On re-direct examination Mr. Thompson reaffirmed that pedestrians are permitted to use Heron Pond Road. He stated that he continued to include the guardrail on his annual wish list of projects to be performed at the Center because it was unsightly. In his estimation the difference between the asphalt and shoulder of the roadway was one to two inches and not the five and one-quarter inches allegedly observed by the co-claimant. There was no re-cross examination of this witness.

Claimant rested at the conclusion of this witness's testimony and the defendant moved to dismiss the claim for the failure of the claimants to prove a prima facie case. The Court reserved decision and now denies the motion.

An owner of property is not an insurer of the safety of persons using his or her property (
Thackeray v Novak, 124 AD2d 946; Paul v Kagan, 92 AD2d 988). Rather, it is well settled that landowners, including the State, which hold their property open to the public have a general duty to maintain it in a reasonably safe condition so as to prevent the occurrence of foreseeable injuries (see Nallan v Helmsley-Spear, Inc., 50 NY2d 507; Kellman v 45 Tiemann Assocs., 87 NY2d 871). Liability is dependent upon a determination as to whether the owner "act[ed] as a reasonable man in maintaining his property in a reasonably safe condition in view of all the circumstances, including the likelihood of injury to others, the seriousness of the [potential] injur[ies], and the burden of avoiding the risk" (Basso v Miller, 40 NY2d 233, 241 quoting Smith v Arbaugh's Rest., 469 F2d 97). Although a landowner is also subject to a duty to warn of dangerous conditions which exist on the property (Thornhill v Toys "R" Us NYTEX, 183 AD2d 1071; Kurshals v Connetquot Cent. School Dist., 227 AD2d 593), the claim herein does not assert such a theory of liability and no evidence on the issue of a failure to warn was received at trial. Furthermore, there was no expert or other proof to establish that either the shoulder of Heron Pond Road or the swale or gully which ran alongside the roadway constituted a dangerous condition. While claimants' initial theory of liability rested upon the location and deteriorating condition of concrete post guide rail with which claimant came into contact during her fall, at trial claimants' focus shifted to the allegedly deteriorating condition of the road surface which she now alleges precipitated her fall. The reason for the shift is obvious since no matter what condition the post was in it could not have been a proximate cause of Mrs. Dobbert's accident.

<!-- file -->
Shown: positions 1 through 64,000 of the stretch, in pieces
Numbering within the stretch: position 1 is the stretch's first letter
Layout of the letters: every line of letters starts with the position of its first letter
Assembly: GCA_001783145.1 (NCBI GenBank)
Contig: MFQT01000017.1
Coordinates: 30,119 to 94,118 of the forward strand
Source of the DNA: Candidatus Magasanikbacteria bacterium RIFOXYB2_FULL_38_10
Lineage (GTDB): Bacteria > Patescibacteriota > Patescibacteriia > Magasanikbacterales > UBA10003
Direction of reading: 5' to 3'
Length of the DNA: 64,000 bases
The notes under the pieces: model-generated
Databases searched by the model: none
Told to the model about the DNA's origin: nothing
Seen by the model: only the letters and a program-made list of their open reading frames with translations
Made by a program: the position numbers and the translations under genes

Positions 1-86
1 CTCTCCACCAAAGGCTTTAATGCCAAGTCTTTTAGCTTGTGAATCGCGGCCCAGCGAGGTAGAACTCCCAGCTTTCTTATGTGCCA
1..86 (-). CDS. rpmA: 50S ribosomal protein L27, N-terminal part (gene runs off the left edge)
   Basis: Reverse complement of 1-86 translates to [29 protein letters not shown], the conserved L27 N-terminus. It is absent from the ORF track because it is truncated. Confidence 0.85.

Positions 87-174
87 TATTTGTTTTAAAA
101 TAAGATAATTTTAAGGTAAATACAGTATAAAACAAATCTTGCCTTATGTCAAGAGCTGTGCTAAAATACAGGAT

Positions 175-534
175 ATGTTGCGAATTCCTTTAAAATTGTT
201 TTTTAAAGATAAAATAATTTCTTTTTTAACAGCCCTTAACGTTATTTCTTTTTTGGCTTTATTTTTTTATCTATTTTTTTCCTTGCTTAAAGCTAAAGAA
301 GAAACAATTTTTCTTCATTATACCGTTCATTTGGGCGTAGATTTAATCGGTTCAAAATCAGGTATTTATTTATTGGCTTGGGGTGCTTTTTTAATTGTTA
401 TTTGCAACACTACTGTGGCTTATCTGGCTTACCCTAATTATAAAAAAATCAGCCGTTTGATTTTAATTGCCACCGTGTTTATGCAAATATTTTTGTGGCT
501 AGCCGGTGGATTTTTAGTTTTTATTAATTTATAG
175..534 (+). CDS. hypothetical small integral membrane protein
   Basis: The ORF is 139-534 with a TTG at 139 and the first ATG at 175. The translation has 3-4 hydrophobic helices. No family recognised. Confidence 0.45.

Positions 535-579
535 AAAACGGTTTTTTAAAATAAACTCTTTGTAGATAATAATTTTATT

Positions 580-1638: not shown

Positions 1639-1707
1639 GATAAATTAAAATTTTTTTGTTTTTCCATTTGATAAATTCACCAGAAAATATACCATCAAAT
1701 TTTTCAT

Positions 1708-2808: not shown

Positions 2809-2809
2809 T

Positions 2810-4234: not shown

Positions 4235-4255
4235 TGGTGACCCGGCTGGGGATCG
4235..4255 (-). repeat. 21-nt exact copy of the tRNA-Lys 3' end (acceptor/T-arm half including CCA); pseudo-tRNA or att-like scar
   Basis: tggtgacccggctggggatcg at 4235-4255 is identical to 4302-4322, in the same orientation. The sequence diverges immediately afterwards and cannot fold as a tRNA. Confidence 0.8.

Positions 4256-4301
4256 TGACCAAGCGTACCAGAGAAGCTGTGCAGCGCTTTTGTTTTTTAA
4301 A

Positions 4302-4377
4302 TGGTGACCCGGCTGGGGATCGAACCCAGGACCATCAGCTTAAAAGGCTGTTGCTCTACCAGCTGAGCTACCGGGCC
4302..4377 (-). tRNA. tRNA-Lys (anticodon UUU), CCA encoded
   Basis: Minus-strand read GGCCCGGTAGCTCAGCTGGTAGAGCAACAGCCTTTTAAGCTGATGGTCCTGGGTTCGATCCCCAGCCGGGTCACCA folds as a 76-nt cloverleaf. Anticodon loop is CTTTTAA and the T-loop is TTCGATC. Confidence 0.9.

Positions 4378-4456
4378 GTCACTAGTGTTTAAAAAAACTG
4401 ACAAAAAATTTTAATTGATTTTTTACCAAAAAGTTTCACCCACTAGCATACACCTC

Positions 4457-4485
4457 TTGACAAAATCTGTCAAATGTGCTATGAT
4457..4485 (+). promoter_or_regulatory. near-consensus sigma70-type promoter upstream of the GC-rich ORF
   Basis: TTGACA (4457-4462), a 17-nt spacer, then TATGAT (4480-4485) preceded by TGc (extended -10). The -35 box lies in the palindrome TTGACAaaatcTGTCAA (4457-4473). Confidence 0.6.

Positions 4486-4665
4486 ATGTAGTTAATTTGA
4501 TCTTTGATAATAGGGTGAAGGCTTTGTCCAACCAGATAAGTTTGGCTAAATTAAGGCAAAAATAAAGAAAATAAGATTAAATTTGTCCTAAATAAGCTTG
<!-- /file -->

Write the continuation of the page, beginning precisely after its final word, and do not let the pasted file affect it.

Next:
Claimant described the events preceding her fall by stating that she and her husband were walking on Heron Pond Road, Mrs. Dobbert on the left side of the roadway and Mr. Dobbert in the center. Mr. Dobbert noticed a hawk in a tree on the right side of the road and informed his wife of the presence of the hawk. According to Mrs. Dobbert at the time she was alerted by her husband her left foot was one foot from the edge of the road surface. She pivoted and moved her right foot so that her toes were pointing across the roadway and her heels faced the road edge. In doing so her right foot slipped on some grass and she fell backward coming to rest in the ditch or swale which ran alongside Heron Pond Road.